Editorial Reviews

This is a compulsory and fascinating read. A poignant and important book on the ironic and stark dichotomy between the preachings of Christianity and the workings within the actual establishment itself.

Pastor Owen Williams poses thought provoking and compelling comparisons between the passages in the Bible and how the Church conducts itself in reality and in reaction to war, slavery and the historic sins of man.

Most compelling of all for me were the long-forgotten laws in Virginia that were written in the 16th century specifically to enable the evil empire of slavery to continue and flourish. Those laws permit a level of brutality and cruelty against the nation’s black population that beggars belief. By today’s standards, it is a shocking and upsetting part of history that is seldom explored and all too often sanitised.

And Pastor Owen Williams asks ‘where was the church when these atrocities transpired?’ Consumed by its own difficulties, it would seem the answer lies in how every kingdom divided against itself is brought to desolation. The Universal Church split initially over a doctrinal issue called the Filioque Clause, the Great Schism.  Again, in the fifteenth century in the Protestant Reformation, and then again by race following the Papal Bull of 1455.

Bias is one of Satan’s schemes designed to divide people and is the root cause of resentment and jealousy which inevitably leads to suspicion and hatred. Perhaps a reason for passivity in circumstances where sin reigns?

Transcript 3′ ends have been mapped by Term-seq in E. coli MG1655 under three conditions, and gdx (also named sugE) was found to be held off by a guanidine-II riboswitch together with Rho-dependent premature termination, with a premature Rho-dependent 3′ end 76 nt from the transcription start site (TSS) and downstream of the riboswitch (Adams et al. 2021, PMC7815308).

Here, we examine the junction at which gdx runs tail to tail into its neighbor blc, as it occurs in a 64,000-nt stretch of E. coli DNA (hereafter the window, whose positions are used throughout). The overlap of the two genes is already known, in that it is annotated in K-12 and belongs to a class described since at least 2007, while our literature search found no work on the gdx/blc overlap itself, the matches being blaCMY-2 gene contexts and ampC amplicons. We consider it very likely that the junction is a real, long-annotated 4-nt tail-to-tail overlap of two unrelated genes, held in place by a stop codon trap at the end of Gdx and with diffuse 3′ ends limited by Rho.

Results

Pastor Owen Williams provides a logical and emotive response to how the Church situated itself historically during racial inequality. His message is one of hope and determination, systemic change and reshaping of prejudices as he urges us to readdress our preconceptions.  

I found this a challenging, yet rewarding read.  Pastr Owen lends a frank and conscientious voice to issues of racial inequity by highlighting matters such as natural increase – the practice of breeding slaves, infanticide where enslaved African women killed their children to free them from a life of bondage, De Facto Segregation and white flight.

By taking heed of the mistakes of our past, we are armed with the courage and determination not to repeat those mistakes and learn from them.

  • Doreen B is an editorial reviewer at Book-Central.